Mobile apps: Do not forget about HTML5!

Earlier this week, LinkedIn released updates to its app across Apple’s iOS and Google’s Android. Usually, this wouldn’t be news. Apps get updated all the time. But it mattered because the new apps have gone from being hybrid HTML5 apps, designed to work across a wide base of mobile devices, to being fully native for specific platforms; a step Facebook also took last summer.

For SMEs considering mobile apps, it’s always worth looking at what the major players are doing in this space. In the past, the perception has been that building a hybrid app will be the most affordable way to develop apps across a range of devices and operating systems. While this may be true for a very basic kind of app, the second companies start wanting a hybrid app to behave like a native app they will find their development budgets soaring to try and get features working across platforms and the user experience diminish.

While HTML5 holds a lot of promise, it isn’t ready for immersive apps yet. At the moment, there isn’t enough support out there for HTML5 and because of this, there are limitations. Trying to replicate loading spinners, page transitions and smooth scrolling will end up eating into development budget because of the need to try getting it to work with as many phones as possible. 

Unfortunately, HTML5 lacks some of the capabilities, error detection and performance tools that are available to developers natively designing for a mobile device. With native applications though, it is generally only the talent and capability of the developer that will prevent what is possible.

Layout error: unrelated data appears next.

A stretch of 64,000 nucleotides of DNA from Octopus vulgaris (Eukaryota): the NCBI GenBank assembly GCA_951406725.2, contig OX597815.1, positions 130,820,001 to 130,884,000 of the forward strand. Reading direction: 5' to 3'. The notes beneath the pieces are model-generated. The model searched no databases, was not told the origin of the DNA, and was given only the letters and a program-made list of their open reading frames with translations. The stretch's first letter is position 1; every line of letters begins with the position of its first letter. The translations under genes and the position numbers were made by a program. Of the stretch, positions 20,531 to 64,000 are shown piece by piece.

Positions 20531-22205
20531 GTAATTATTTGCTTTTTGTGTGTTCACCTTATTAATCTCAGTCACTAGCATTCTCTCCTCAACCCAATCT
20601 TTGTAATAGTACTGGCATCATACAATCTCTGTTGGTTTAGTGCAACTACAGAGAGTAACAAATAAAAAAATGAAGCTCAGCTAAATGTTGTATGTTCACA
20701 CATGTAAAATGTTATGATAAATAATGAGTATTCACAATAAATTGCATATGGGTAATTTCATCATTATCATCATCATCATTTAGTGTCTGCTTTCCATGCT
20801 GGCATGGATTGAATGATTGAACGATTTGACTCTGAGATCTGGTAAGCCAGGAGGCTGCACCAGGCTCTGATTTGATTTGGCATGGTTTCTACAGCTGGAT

With over 1.4m apps available across Android and iOS, many of which will never be used, an app isn’t always the best way to get into mobile. For some businesses, building a responsive website (that responds to the screen size from desktop to mobile) or a mobile website is the first step to responding to the rise in mobile usage. Both HTML5 and native have their strengths and weaknesses but it ultimately comes down to what is the problem that needs to be solved.

HTML5 is best when used within a mobile browser or coded to specifically be web based, bypassing app stores (such as the FT tablet edition). Both Facebook and LinkedIn use HTML5 for their mobile websites and issues arose when they tried using the same technology for their apps. The LinkedIn app wasn’t limited by the capabilities of the mobile web, it was hindered because tools and languages that have been designed to build web pages are now being used to build applications and most of the time they are not fit for purpose.

The debate of web apps versus native apps was, in part, started by lazy web developers who felt threatened by a new technology, written in a language they didn?t know when the App Store launched. It was another list to appear in, or get to the top of but they didn’t want to retrain in order to get their content or idea onto a mobile device.

Instead of building a mobile website and using the devices browser, they tried to make the tools and languages they already knew work in a way they were never intended to.

If you are wanting to keep costs down, start with a mobile or responsive website. This will cover as many users as possible and ensure when people search for your company, they will get a good experience. 

If you are wanting to add a more immersive experience, or to deliver powerful tools that make use of a smartphone?s hardware, native is the best route to take. The hybrid approach is a little like a cheap burger. There’s loads of ingredients and you can never really be sure what it’ll contain.

Ben Reed is head of iOS at Mubaloo.

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